It is an interesting question in consideration of a debate we are having in Parliament this week, because we were doing something in the exact opposite direction in the Fisheries Act. The Conservatives were putting something in the act from a regulation. Here, we are putting it into a regulation from the act. They were arguing that, because we are putting it in the act, we are taking it out of the purview of both senators and parliamentarians because regulations are scrutinized by Parliaments through our Joint Scrutiny of Regulations Committee. They were saying, ``Do not take this authority away from Parliament by putting it in the act. Leave it in regulations.'' What we are doing here is putting this in regulations.

There are two reasons that I do not think a minister would be able to abuse this. First, there is the process itself. All the countries must comply with the intent of the process. If a rogue minister were to try, through regulation, to convince his cabinet colleagues to do something inappropriate, the other 42 countries would kick us out of the process and we would not be able to sell our diamonds. We would be caught there.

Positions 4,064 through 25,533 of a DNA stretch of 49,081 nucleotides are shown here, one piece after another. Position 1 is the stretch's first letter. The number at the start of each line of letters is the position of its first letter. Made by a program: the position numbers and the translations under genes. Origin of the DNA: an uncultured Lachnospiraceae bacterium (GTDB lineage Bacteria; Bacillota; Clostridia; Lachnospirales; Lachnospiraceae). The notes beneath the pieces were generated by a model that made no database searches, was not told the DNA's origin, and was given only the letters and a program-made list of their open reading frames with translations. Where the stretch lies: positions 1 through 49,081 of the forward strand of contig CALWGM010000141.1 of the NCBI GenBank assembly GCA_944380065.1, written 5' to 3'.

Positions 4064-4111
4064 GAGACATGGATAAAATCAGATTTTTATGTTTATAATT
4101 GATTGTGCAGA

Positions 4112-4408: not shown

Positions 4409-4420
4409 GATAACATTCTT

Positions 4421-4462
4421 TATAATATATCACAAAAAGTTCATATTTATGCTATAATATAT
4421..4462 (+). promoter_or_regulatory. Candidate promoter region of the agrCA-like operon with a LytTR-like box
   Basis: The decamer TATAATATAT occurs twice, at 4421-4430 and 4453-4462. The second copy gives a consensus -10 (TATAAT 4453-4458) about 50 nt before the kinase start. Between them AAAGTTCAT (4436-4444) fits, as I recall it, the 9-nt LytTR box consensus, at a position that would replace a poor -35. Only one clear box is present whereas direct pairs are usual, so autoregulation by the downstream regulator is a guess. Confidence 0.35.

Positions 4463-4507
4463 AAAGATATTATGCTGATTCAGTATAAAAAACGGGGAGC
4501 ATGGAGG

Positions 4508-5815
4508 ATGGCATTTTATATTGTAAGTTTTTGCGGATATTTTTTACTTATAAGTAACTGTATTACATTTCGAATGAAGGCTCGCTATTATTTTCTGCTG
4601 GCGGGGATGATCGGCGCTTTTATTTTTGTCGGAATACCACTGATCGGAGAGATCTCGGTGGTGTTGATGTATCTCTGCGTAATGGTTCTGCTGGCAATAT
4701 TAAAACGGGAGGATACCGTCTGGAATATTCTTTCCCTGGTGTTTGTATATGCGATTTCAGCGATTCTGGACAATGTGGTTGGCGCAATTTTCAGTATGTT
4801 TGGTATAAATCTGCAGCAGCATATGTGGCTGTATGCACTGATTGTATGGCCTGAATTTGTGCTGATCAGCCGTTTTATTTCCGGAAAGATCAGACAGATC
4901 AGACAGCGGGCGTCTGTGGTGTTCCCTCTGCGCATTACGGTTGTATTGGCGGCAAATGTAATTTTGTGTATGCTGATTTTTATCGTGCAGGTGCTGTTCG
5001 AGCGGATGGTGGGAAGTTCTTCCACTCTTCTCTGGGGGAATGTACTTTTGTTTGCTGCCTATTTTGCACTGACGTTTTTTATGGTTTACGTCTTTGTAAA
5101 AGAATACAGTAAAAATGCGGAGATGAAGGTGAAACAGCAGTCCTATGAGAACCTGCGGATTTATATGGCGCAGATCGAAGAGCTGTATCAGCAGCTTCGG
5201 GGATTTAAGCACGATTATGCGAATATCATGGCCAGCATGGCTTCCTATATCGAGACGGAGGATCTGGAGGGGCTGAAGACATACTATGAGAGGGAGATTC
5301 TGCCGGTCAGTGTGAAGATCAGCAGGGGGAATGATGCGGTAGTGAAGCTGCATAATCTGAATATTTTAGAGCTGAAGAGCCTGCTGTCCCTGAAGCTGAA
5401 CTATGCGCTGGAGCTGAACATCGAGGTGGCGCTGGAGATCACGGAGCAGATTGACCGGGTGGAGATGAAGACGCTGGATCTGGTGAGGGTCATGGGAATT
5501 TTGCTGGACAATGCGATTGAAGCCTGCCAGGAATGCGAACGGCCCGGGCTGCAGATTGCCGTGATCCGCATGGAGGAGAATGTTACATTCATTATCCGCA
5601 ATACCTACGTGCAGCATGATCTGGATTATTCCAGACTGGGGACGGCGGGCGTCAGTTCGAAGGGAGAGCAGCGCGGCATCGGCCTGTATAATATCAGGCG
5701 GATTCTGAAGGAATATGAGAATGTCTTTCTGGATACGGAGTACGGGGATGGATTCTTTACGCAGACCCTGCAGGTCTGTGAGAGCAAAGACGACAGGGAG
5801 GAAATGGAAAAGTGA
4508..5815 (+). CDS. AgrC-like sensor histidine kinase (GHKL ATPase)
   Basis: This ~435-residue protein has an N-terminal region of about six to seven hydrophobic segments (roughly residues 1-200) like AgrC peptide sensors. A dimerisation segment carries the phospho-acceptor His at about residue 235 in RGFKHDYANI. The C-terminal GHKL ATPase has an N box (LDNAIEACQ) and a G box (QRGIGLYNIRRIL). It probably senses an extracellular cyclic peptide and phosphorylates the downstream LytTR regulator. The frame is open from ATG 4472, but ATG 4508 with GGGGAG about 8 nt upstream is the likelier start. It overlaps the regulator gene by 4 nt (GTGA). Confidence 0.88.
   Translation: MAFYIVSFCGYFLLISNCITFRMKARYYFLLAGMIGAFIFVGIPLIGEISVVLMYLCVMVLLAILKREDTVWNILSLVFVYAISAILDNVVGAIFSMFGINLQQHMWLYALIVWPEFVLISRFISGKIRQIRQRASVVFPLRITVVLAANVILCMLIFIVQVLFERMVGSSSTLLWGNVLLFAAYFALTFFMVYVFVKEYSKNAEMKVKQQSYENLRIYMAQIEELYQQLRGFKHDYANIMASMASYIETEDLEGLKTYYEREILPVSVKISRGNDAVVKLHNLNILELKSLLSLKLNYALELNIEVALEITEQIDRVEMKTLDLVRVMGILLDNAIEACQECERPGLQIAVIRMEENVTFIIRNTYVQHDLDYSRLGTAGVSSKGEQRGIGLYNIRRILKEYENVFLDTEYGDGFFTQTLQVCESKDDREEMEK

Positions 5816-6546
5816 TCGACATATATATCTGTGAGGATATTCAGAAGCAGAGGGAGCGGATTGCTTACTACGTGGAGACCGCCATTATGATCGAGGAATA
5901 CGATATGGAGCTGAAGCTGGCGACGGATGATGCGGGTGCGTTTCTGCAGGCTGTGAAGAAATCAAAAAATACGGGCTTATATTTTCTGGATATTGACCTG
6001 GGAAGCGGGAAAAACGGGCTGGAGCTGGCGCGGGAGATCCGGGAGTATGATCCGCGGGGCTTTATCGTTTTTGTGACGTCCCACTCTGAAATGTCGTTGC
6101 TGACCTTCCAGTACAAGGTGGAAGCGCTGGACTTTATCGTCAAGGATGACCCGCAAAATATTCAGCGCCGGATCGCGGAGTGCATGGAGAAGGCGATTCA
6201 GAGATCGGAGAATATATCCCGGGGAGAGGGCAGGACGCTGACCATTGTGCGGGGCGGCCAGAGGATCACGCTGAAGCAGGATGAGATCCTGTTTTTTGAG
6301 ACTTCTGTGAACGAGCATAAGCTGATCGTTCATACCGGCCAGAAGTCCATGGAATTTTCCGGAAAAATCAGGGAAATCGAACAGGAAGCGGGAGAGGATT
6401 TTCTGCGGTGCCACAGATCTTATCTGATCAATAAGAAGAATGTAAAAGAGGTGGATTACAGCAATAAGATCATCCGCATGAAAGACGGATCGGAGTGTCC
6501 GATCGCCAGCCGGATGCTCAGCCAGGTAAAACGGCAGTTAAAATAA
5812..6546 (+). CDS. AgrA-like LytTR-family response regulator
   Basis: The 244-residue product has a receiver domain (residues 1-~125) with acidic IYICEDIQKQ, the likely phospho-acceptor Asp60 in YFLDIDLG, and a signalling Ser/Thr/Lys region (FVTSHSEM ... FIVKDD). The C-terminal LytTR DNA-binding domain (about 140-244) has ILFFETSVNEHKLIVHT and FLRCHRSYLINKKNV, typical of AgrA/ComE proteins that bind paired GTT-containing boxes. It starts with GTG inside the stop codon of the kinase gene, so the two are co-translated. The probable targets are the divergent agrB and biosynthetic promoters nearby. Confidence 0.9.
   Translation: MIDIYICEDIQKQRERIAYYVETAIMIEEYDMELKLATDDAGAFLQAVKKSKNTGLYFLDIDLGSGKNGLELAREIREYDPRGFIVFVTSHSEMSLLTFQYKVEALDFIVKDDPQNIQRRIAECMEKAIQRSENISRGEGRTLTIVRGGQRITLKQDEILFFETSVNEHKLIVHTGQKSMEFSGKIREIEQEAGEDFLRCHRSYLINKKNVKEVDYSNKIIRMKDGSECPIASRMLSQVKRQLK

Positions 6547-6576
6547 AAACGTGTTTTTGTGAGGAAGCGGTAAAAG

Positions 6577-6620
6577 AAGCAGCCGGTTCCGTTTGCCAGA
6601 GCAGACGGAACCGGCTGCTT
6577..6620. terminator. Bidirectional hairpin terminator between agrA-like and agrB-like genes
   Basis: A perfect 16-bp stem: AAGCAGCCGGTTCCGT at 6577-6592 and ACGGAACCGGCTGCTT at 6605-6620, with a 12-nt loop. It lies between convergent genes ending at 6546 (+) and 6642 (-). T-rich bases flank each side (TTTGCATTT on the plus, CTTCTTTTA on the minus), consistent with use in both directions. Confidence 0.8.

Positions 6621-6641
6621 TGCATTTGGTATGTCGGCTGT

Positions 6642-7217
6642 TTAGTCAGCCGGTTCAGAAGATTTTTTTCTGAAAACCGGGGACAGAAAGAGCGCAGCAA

Second, you have scrutiny over it and, because we are putting in a new regulation, it actually gives us more scrutiny to stop the government from doing that. We have a Joint Scrutiny of Regulations Committee of both the Senate and the House of Commons. During that process, it is publicly gazetted so that the watchdog, NGOs and anyone else interested would also bring it forward.

There are so many checks and balances in this chain that that would not be a concern. I had actually researched this because you had raised it and I thank you for that because I wanted to be sure myself.